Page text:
Problem Involving The Conservation Of Energy

In summary, a 51.1 kg child slides down a water slide with a velocity of 0.9 m/sec at the top. At the bottom of the slide, she is moving horizontally, y=2.5 meters above the water. She splashes into the water d=3 meters to the left of the bottom of the slide. The potential energy of the child is zero at the water's surface, so that's where her mechanical energy is at. When she found that her mechanical energy was 1704J, she realized that she was solving for the height of the slide rather than for the total height.
  • #1
Pat2666
33
0
I have another problem I need some help with.

Here's the problem :

A 51.1 kg child slides down a water slide with a velocity of 0.9 m/sec at the top. At the bottom of the slide, she is moving horizontally, y=2.5 meters above the water. She splashes into the water d=3 meters to the left of the bottom of the slide.
--------------------------------------------------------------------------------
a) Assuming potential energy to be zero at the water level, what is the mechanical energy of the child at the top of the slide?
MEo= J
1704 J
--------------------------------------------------------------------------------
b) How high is the top of the slide above the bottom of the slide?

As shown I was able to find out the mechanical energy of the child at the top of the slide (1704J) but I can't seem to figure out how to solve for the height of the slide.

I would have thought that you just set KE + PE = 1704 and solve for h, which I did and got 3.36m, but it isn't the right answer :(

So I did .5(51.1kg)(.9m/s)^2 + 51.1kg(9.81m/s^2)h = 1704J

I'm stumped as I don't see any other way of solved for the height. Any help would be appriciated. :)
 
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  • #2
Hi Pat2666,

The potential energy is zero at the water's surface, so that's where h=0 at. So when you found that h=3.36m, that means the slide is that far above the water's surface.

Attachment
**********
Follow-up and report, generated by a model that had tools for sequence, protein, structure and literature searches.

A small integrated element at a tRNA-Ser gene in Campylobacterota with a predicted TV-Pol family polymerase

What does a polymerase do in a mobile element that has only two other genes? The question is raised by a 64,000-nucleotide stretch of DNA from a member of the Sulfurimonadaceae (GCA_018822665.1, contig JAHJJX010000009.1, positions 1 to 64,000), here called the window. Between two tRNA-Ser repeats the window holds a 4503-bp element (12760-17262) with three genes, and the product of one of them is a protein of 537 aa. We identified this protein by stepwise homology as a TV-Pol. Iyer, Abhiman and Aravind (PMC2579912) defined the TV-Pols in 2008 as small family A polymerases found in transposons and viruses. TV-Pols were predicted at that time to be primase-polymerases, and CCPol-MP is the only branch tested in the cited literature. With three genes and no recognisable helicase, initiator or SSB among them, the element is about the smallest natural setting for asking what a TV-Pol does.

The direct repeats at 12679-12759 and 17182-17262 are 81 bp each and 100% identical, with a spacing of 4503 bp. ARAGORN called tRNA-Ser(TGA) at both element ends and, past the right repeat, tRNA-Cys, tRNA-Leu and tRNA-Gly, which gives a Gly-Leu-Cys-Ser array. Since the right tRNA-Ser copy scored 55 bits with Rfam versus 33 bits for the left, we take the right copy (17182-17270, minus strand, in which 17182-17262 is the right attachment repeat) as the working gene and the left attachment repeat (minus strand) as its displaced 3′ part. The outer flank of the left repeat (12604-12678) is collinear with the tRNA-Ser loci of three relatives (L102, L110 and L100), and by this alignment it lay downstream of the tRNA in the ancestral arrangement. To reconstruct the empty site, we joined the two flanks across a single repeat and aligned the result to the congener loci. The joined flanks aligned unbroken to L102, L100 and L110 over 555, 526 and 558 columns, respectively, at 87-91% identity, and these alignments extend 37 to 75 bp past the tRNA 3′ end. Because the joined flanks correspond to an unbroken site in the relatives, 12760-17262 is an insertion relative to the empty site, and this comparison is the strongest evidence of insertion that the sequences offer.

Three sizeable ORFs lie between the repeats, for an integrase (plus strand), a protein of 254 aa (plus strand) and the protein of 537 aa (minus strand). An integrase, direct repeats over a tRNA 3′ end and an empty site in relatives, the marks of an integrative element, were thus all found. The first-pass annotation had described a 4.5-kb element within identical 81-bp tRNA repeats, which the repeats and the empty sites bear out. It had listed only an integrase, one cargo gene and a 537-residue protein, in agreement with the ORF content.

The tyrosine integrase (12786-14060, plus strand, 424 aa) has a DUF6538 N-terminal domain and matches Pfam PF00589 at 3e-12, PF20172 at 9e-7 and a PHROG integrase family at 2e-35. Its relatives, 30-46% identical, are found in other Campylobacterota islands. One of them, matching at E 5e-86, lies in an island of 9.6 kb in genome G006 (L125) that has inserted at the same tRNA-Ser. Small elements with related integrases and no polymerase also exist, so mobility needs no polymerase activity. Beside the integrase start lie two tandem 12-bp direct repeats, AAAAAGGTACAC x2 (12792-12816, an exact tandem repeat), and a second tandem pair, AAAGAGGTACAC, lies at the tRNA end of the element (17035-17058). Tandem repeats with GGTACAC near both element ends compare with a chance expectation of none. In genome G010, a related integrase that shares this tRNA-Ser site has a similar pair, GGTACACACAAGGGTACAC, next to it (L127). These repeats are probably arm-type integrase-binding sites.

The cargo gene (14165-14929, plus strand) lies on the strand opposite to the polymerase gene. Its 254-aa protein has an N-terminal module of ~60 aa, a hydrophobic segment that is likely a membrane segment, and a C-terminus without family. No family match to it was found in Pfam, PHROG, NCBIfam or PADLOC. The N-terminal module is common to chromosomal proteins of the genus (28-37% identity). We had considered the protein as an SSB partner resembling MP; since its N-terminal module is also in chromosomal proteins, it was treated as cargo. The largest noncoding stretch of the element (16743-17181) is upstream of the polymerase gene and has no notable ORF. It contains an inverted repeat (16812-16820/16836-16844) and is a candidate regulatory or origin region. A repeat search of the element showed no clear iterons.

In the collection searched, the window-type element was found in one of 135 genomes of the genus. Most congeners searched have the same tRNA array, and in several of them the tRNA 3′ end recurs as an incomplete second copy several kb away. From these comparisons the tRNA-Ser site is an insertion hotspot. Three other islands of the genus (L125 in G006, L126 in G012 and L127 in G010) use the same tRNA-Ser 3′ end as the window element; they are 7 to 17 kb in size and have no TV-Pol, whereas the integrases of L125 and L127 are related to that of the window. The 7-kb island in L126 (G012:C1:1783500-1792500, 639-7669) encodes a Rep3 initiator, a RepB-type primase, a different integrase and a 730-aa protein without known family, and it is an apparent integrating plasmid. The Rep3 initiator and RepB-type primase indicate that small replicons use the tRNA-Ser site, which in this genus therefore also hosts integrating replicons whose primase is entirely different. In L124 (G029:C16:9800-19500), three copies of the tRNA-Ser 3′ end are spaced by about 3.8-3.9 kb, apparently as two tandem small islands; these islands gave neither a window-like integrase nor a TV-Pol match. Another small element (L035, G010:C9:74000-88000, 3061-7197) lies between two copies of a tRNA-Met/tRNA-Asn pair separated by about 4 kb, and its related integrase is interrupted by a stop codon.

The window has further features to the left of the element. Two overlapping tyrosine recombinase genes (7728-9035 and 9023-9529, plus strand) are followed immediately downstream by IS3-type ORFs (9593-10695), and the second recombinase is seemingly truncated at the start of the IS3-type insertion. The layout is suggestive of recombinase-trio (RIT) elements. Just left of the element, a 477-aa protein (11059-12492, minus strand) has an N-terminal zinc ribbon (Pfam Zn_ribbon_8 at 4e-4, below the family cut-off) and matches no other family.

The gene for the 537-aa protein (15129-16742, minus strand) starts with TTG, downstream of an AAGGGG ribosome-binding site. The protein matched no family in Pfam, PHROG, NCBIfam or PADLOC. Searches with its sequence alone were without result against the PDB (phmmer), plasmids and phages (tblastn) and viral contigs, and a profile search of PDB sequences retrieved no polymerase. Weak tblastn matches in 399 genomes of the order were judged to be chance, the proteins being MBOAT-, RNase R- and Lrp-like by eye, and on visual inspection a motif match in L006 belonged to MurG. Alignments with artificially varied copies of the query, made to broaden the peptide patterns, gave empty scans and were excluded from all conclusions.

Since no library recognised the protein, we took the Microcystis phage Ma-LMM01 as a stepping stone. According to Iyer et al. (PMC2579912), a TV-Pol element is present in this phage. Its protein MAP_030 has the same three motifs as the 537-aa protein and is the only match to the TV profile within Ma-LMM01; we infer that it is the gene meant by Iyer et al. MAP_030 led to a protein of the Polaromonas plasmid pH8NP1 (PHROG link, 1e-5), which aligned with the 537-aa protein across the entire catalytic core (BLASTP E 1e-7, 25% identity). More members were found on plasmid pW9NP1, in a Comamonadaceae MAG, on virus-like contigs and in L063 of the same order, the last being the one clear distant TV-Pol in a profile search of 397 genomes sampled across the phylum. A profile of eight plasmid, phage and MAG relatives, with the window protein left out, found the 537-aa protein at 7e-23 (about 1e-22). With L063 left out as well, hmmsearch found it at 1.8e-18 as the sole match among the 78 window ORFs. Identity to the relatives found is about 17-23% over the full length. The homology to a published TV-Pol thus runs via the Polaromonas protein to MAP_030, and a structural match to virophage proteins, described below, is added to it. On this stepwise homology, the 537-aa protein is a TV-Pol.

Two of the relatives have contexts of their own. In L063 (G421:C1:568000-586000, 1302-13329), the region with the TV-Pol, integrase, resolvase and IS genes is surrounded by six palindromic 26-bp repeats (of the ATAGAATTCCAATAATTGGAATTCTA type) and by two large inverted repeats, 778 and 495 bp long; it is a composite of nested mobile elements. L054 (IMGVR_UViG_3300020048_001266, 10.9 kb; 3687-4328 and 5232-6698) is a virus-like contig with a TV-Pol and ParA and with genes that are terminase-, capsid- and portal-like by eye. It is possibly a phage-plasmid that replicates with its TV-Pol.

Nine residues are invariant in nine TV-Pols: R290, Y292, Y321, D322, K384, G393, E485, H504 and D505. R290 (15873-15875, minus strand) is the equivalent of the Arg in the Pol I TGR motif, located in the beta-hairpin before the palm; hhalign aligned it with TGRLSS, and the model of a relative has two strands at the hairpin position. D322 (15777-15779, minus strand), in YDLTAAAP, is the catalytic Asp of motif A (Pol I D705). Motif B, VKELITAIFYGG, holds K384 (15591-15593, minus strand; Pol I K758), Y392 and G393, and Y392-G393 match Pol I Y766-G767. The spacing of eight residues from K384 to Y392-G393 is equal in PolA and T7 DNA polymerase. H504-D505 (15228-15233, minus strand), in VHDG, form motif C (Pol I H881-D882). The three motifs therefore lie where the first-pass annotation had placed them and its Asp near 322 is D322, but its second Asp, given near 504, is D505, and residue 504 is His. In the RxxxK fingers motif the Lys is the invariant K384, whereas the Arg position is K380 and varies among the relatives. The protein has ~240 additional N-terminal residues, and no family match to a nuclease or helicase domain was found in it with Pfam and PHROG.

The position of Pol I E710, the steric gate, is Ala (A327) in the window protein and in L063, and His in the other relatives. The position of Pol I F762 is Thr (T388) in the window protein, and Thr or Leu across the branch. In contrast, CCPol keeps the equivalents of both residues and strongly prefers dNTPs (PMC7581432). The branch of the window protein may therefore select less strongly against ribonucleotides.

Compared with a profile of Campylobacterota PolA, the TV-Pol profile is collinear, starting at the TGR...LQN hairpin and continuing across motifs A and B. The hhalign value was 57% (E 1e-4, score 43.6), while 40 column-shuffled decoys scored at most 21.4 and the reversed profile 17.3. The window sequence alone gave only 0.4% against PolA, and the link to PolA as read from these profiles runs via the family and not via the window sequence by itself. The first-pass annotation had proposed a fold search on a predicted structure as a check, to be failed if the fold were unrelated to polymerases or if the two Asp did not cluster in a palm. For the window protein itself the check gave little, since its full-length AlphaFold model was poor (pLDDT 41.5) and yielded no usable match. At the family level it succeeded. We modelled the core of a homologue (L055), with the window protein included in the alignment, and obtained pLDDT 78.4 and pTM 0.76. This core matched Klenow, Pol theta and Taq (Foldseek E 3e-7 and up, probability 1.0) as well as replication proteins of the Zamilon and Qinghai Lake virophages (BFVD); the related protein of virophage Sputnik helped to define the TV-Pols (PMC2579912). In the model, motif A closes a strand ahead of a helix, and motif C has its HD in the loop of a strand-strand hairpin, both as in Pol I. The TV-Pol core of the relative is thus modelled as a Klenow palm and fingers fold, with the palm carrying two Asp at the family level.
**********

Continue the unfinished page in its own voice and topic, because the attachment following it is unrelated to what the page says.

However, although that will help to answer part b, that's not quite what part b was asking for.
 
  • #3
Well it's not really asking for the total height is it? Just the height of the top of the slide to the end of it no? I tried adding 3.36m to the 2.5m above water just to see if I misread the question, but it was still wrong.
 
  • #4
The top of the slide is 3.36 m above the water, the bottom of the slide is 2.5 meters above the water. The question is asking for how far the top of the slide is above the bottom of the slide. What would that be?
 
  • #5
OMG I'm so dumb! Thank you lol

I kept thinking that what I was solving for was h, rather than h + the additional height.

Thanks so much! I've been working on this problem forever!
 
  • #6
Sure, glad to help!
 

1. What is the law of conservation of energy?

The law of conservation of energy states that energy cannot be created or destroyed, but can only be transferred or converted from one form to another.

2. Why is the conservation of energy important?

The conservation of energy is important because it is a fundamental principle of physics that helps us understand and predict the behavior of energy in various systems. It also helps us make practical decisions about how we use and conserve energy in our daily lives.

3. What are some real-life examples of the conservation of energy?

Some real-life examples of the conservation of energy include a pendulum swinging back and forth, a roller coaster moving from a high point to a low point, and a light bulb producing light and heat from electrical energy.

4. How does the conservation of energy relate to the first law of thermodynamics?

The first law of thermodynamics is a specific application of the law of conservation of energy, stating that the total energy of a closed system remains constant. This means that in any process, the total energy of the system before and after the process must be the same.

5. Are there any exceptions to the law of conservation of energy?

There are no known exceptions to the law of conservation of energy. However, in some cases, it may seem like energy is being created or destroyed, but it is actually being converted into a different form that is not easily measured or observed.

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